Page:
Ever wonder how your feathered friends are faring in the face of deforestation, farming and other formidable foes? You can find out in the National Audubon Society’s State of the Birds 2004 report.
Using 40 years of
data collected from the U.S. Geological Survey’s national
Breeding Bird Survey, the National Audubon Society assessed
population changes for 450 imperiled non-game species in five
habitats across the nation. Birds include species like the
bobolink, whose numbers have decreased by half although it still
has a widespread range, and the mountain plover, whose small
populations are confined to increasingly restricted ranges.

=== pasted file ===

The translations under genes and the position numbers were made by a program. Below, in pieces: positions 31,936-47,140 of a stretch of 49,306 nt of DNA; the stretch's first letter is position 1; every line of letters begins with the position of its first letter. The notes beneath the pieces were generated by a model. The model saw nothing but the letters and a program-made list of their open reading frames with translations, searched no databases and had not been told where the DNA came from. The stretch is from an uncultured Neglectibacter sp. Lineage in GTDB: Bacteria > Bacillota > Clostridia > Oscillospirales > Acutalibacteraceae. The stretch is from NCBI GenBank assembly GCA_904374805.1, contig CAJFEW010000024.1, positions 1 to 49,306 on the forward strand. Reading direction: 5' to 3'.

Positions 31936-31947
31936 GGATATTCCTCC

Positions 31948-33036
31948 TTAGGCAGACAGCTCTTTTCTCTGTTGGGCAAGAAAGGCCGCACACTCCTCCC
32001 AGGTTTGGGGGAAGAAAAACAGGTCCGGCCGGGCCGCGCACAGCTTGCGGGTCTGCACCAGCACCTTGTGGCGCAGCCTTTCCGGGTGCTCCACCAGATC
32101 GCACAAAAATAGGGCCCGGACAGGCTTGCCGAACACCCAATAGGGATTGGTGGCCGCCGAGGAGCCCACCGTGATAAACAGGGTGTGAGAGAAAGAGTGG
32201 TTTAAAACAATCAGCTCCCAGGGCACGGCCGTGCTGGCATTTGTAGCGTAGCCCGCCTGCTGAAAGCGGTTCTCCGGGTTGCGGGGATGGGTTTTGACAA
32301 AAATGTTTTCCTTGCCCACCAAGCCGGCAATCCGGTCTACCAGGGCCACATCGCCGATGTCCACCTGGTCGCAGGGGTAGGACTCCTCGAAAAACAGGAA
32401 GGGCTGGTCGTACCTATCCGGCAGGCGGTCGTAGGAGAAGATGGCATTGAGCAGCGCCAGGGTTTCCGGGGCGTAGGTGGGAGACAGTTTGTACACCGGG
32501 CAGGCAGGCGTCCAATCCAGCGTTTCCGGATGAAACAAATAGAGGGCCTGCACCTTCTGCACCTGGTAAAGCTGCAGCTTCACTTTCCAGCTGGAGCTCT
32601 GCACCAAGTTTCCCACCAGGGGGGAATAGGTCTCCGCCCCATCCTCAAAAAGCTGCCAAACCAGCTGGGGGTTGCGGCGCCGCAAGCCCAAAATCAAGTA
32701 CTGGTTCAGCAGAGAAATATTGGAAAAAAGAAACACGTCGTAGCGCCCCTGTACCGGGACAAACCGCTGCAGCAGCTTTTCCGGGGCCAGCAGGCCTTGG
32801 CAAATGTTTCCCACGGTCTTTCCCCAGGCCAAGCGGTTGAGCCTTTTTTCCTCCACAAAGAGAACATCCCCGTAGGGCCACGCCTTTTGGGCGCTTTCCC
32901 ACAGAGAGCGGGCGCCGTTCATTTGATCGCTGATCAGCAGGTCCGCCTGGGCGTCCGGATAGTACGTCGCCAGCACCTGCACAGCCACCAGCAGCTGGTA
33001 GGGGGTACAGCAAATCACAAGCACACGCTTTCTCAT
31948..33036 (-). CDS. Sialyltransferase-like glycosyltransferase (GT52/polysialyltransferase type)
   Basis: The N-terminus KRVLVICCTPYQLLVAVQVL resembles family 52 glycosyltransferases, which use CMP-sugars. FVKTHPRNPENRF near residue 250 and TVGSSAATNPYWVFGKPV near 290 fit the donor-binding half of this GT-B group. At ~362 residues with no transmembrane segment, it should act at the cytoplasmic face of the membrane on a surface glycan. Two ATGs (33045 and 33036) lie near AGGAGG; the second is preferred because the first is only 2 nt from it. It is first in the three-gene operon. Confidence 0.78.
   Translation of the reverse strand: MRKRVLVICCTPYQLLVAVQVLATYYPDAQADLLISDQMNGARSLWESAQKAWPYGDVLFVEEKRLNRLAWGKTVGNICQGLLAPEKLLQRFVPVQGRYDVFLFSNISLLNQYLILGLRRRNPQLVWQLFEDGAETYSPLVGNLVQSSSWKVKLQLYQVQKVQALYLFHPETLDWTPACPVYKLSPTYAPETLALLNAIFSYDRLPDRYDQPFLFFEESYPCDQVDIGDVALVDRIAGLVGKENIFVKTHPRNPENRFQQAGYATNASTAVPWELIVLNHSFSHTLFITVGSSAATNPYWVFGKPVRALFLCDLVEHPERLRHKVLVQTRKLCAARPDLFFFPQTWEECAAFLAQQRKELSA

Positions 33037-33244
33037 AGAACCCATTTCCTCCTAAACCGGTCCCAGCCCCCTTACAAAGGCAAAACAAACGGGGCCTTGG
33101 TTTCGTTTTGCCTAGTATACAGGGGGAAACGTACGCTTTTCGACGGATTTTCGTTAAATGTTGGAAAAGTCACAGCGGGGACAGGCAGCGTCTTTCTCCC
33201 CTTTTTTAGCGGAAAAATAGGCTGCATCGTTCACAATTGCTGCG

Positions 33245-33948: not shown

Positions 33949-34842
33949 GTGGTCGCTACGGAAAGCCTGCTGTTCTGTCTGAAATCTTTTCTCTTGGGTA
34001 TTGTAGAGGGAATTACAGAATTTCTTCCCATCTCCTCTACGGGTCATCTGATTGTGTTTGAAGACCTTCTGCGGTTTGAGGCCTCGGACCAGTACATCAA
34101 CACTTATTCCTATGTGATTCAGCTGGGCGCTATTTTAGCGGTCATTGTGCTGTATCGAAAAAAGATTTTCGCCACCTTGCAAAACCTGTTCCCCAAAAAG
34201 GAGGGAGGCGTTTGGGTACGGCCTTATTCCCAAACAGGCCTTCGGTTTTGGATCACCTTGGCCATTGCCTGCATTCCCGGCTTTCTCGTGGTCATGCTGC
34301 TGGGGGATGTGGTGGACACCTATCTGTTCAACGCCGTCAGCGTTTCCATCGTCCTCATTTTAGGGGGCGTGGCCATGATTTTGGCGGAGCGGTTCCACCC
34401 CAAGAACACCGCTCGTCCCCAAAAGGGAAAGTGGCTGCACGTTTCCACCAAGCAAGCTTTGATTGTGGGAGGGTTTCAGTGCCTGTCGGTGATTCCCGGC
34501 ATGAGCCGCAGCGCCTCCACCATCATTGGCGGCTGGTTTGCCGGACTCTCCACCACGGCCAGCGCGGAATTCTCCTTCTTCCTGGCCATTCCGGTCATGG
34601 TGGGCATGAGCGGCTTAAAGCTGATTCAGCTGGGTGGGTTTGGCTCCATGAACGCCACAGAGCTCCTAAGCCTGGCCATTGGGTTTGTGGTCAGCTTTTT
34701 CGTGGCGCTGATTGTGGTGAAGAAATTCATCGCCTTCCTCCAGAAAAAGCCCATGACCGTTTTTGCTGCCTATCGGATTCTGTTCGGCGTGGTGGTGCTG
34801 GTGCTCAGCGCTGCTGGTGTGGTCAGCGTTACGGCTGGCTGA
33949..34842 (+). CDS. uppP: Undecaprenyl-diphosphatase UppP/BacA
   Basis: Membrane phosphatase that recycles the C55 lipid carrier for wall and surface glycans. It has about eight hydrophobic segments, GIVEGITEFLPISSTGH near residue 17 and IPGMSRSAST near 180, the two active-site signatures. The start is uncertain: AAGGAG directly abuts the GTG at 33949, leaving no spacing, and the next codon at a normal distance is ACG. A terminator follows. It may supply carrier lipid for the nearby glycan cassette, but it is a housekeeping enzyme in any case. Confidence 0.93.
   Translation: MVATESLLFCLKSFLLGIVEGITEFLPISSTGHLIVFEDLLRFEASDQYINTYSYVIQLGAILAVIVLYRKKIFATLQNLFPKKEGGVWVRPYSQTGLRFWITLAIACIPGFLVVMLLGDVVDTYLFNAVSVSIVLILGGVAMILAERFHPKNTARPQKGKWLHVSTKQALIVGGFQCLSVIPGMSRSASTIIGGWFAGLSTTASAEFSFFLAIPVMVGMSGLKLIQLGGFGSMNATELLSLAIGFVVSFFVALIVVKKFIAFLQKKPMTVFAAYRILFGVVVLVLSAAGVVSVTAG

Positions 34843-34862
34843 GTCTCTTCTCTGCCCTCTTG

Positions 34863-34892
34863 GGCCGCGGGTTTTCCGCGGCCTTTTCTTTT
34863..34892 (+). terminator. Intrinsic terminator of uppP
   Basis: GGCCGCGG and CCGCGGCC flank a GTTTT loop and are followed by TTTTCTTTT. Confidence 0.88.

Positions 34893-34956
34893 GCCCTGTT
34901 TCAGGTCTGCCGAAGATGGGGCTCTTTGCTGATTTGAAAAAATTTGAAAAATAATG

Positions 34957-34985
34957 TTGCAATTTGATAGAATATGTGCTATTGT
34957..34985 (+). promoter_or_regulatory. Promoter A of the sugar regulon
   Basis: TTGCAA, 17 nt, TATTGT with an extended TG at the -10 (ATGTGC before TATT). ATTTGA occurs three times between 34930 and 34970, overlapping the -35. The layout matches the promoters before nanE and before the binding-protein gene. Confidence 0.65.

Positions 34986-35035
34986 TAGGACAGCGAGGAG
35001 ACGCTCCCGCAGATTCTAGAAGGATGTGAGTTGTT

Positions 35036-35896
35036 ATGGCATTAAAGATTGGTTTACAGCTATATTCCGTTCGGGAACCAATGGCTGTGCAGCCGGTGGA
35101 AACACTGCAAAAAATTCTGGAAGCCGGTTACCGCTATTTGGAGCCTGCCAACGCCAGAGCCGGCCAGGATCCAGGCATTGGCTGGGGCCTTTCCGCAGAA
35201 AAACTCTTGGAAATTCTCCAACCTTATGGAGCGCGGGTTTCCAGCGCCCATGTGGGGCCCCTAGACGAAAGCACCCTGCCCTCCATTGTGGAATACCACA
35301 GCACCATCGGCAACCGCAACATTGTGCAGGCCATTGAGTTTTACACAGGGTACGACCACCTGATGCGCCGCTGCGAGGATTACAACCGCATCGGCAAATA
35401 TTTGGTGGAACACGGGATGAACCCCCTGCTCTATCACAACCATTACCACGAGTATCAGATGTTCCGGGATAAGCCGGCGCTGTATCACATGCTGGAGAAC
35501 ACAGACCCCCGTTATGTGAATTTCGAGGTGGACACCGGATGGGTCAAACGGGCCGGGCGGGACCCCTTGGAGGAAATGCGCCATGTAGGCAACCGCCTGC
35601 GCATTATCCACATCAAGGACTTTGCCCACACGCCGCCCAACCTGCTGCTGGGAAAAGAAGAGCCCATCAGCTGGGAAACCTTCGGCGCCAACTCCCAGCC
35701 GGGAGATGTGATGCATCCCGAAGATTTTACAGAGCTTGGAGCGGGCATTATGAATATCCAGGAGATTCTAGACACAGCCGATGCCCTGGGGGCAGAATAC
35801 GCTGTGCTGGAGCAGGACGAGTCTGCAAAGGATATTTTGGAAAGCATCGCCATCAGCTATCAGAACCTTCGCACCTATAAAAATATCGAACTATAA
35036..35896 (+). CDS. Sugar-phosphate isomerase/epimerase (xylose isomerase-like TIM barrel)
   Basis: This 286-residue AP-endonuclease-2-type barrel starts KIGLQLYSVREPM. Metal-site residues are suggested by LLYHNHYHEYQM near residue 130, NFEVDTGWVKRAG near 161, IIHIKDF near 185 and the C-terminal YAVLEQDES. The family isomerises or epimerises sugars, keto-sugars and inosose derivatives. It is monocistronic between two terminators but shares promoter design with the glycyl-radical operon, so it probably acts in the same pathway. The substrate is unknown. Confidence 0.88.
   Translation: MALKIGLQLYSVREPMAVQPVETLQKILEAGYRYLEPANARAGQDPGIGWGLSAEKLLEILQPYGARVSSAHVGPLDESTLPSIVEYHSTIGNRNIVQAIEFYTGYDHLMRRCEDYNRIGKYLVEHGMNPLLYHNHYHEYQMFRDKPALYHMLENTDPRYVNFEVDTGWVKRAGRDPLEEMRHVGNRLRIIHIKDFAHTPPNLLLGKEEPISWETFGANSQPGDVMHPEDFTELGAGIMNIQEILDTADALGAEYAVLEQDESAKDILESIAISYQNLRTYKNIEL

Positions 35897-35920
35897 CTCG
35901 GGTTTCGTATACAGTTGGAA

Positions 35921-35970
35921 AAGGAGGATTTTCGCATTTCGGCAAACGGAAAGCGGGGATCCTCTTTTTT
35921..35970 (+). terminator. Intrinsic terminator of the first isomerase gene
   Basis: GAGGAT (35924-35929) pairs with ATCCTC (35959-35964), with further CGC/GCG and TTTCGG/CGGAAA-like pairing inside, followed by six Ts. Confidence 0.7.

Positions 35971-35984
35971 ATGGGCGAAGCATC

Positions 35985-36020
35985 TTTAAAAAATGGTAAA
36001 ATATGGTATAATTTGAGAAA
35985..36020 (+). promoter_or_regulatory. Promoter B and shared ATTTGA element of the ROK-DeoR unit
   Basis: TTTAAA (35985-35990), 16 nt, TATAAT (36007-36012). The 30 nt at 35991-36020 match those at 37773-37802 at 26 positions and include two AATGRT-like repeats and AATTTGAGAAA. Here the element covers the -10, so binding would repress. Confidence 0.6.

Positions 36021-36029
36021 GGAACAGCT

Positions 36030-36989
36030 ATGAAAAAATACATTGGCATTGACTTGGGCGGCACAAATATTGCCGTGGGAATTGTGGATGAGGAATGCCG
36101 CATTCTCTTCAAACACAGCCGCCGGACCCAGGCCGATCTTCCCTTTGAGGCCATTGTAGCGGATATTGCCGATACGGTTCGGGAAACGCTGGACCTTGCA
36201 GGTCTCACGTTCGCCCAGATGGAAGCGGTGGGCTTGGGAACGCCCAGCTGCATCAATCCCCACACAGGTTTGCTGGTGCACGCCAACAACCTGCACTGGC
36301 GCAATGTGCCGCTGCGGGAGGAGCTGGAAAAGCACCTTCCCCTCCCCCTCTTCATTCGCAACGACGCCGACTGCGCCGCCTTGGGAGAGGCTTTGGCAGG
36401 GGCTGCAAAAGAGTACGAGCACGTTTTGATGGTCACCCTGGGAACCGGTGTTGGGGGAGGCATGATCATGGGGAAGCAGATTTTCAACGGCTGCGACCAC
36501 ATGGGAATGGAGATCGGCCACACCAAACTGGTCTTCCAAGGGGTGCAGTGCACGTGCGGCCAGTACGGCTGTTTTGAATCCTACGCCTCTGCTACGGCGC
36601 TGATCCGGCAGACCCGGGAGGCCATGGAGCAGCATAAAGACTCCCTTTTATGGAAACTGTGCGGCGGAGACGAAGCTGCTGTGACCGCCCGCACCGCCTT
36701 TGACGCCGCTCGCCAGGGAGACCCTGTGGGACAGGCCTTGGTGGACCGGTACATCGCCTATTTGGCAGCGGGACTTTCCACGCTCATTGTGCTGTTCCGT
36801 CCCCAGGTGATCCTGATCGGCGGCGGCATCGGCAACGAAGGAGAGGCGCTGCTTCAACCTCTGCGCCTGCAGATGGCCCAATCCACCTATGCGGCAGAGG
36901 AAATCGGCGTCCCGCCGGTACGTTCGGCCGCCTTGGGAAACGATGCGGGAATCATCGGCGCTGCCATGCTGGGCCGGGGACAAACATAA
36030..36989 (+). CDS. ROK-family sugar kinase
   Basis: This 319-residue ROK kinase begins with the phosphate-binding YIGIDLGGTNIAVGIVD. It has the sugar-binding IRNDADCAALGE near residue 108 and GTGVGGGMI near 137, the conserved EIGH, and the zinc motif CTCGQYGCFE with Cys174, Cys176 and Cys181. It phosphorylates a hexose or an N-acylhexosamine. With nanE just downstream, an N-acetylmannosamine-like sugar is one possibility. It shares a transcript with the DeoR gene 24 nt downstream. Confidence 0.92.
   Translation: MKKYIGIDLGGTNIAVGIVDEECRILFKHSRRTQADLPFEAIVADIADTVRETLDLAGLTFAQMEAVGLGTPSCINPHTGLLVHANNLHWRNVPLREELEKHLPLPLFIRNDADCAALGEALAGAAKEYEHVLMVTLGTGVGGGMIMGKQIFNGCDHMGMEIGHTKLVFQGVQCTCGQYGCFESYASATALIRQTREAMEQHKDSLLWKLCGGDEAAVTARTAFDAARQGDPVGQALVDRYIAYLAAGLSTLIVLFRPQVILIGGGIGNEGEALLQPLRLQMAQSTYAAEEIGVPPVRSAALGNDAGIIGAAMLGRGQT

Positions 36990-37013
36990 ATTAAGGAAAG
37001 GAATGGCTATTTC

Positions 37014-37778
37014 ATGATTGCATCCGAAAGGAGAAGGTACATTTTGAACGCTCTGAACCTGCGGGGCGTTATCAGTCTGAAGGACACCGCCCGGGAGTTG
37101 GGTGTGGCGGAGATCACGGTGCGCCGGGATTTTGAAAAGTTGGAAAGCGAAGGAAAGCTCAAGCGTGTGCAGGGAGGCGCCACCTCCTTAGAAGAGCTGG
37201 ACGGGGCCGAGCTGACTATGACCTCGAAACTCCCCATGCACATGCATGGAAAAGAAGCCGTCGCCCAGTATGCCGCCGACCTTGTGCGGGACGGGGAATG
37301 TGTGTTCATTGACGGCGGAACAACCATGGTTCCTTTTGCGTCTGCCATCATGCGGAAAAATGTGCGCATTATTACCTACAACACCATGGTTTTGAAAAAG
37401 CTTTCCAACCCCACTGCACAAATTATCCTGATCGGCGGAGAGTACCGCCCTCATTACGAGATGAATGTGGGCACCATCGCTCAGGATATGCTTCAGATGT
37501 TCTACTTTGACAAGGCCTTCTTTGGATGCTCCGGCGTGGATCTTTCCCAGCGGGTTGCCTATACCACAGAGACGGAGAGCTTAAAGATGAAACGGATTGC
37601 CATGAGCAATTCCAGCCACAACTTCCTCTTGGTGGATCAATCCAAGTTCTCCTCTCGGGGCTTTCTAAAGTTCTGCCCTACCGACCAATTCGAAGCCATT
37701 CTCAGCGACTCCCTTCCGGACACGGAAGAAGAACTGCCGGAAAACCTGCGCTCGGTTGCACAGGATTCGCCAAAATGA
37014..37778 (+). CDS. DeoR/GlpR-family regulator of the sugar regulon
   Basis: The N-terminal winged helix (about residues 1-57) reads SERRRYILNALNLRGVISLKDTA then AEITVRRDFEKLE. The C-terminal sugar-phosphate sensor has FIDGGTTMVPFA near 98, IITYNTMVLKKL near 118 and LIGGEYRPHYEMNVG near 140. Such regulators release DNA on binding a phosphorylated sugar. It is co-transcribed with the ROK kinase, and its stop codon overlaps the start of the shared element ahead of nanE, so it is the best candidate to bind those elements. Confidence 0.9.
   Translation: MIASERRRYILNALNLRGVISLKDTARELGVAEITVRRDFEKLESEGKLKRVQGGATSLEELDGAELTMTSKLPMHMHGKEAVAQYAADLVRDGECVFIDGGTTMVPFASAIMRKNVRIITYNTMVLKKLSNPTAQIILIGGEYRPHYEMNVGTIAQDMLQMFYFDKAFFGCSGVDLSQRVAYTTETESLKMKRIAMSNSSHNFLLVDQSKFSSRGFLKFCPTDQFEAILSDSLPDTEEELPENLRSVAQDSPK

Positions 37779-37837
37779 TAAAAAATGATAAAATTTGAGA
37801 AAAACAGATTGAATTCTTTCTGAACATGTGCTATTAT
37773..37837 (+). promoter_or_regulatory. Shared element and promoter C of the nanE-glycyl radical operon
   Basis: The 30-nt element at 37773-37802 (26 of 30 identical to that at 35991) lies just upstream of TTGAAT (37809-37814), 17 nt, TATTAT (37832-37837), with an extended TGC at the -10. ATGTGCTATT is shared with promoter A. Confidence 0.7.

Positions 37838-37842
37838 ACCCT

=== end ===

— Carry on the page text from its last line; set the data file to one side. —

"The fact is, grassland and shrubland species, which are
predominantly Western birds, are getting nailed by habitat loss or
misuse," says John Bianchi, a spokesman for Audubon. Woodland birds
fare worst in California, Oregon, Washington and Idaho, while
wetland bird populations are suffering the most dramatic declines
around Arizona and New Mexico.
Readers might not find
their favorite Aves listed in the report, which is a good thing:
Only those species whose survival is threatened are analyzed. Check